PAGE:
The Price to Consumers of Generic Pharmaceuticals: Beyond the Headlines

18 Pages Posted: 5 Aug 2019

See all articles by Richard G. Frank

Richard G. Frank

Harvard Medical School; National Bureau of Economic Research (NBER)

Andrew Hicks

University of Hull - School of Law

Ernst R. Berndt

Massachusetts Institute of Technology (MIT) - Sloan School of Management; National Bureau of Economic Research (NBER)

Date Written: July 2019

Abstract

Generic drug prices have been the focus of much attention in recent years, with Congressional committees, executive agencies and private organizations all conducting investigations into the pricing patterns for generic drugs. Price spikes for selected old, off-patent drugs have also been widely reported in the media. To place these generic price increases into context, we construct two chained Laspeyres consumer price indexes (CPIs), using the 2007-2016 IBM MarketScan Commercial Claims and Encounters Research Database. The first ("direct out-of-pocket CPI") measures consumers' direct out-of-pocket payments to the dispensing pharmacy, while the second ("total CPI") represents the total revenues received by the dispensing pharmacy – the consumers' direct out-of-pocket payments plus the amount paid to the pharmacy by the insurer on behalf of the consumer. We find the chained direct-out-of-pocket CPI for generic prescription drugs declines by about 50% between 2007 and 2016, while the total CPI falls by nearly 80% over the same time period. The smaller decline in the direct out-of-pocket CPI than in the total CPI is due in part to consumers' increasingly moving away from fixed copayment benefit plans to pure coinsurance or a mixed package of coinsurance and copayments. While consumers are experiencing more cost sharing that in fact shifts more of the drug cost burden on to them, on balance in the US consumers have experienced substantial price declines for generic drugs.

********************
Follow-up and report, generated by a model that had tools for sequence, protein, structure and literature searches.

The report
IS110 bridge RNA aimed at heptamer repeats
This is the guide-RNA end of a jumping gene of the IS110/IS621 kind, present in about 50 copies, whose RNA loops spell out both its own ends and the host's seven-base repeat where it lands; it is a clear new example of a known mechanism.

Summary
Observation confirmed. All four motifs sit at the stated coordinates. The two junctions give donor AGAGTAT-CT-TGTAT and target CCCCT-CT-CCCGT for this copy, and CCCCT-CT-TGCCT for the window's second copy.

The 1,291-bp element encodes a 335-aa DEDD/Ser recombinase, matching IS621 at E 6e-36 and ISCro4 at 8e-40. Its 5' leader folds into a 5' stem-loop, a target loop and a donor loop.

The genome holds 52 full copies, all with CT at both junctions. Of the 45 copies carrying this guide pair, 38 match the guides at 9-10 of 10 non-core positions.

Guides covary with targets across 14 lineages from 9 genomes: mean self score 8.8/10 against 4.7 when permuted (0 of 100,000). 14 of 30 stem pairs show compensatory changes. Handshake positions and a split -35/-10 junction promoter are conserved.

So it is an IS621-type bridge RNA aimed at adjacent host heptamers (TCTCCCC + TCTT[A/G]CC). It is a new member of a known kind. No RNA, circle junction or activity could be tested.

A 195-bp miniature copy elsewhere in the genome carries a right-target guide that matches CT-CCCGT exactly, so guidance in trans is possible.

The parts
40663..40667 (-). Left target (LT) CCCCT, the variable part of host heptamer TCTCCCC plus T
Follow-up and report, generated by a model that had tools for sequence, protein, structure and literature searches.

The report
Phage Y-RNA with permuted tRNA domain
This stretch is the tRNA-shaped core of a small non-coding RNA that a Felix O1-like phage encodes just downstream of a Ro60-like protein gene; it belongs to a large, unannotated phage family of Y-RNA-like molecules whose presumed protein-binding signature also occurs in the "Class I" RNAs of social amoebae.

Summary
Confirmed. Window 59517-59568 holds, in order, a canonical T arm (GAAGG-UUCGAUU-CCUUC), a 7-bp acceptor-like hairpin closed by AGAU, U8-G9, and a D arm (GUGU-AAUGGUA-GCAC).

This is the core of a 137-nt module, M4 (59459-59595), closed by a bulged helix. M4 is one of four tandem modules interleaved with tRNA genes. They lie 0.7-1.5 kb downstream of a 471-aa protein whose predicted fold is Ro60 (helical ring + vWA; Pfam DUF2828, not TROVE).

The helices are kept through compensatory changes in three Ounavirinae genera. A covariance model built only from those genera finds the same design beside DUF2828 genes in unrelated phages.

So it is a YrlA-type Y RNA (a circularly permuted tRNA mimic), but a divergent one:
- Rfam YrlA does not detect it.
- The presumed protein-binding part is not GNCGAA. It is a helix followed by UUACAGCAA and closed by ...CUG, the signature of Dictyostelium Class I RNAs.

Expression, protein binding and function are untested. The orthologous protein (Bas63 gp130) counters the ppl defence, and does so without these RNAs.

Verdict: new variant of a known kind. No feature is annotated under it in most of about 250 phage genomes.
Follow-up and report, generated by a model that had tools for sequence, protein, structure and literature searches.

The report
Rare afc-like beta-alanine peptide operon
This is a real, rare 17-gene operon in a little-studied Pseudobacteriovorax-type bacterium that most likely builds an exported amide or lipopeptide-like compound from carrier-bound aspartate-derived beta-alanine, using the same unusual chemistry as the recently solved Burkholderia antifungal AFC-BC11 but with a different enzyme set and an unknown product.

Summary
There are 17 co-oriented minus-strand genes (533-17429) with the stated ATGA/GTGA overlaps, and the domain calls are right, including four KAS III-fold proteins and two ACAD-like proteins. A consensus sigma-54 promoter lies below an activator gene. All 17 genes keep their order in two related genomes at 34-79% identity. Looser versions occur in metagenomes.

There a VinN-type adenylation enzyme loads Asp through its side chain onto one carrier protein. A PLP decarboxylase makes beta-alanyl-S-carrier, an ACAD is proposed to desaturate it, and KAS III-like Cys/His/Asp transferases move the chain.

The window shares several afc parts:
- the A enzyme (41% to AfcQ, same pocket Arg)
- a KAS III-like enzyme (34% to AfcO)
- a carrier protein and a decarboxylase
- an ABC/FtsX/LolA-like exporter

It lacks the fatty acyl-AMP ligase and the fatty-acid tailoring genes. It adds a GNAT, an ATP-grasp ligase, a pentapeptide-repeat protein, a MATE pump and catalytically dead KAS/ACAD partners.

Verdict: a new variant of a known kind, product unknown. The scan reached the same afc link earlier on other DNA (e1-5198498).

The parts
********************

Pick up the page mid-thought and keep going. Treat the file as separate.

Suggested Citation

Frank, Richard G. and Hicks, Andrew and Berndt, Ernst R., The Price to Consumers of Generic Pharmaceuticals: Beyond the Headlines (July 2019). NBER Working Paper No. w26120. Available at SSRN: https://ssrn.com/abstract=3428172

Richard G. Frank (Contact Author)

Harvard Medical School ( email )

Department of Health Care Policy
Boston, MA 02115
United States
617-432-0178 (Phone)
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National Bureau of Economic Research (NBER)

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Andrew Hicks

University of Hull - School of Law ( email )

University of Hull
Hull, HU6 7RX
United Kingdom

HOME PAGE: http://www.hull.ac.uk/Faculties/staff-profiles/Andrew-Hicks.aspx

Ernst R. Berndt

Massachusetts Institute of Technology (MIT) - Sloan School of Management ( email )

Room E52-452
Cambridge, MA 02142
United States
617-253-2665 (Phone)
617-258-6055 (Fax)

National Bureau of Economic Research (NBER)

1050 Massachusetts Avenue
Cambridge, MA 02138
United States

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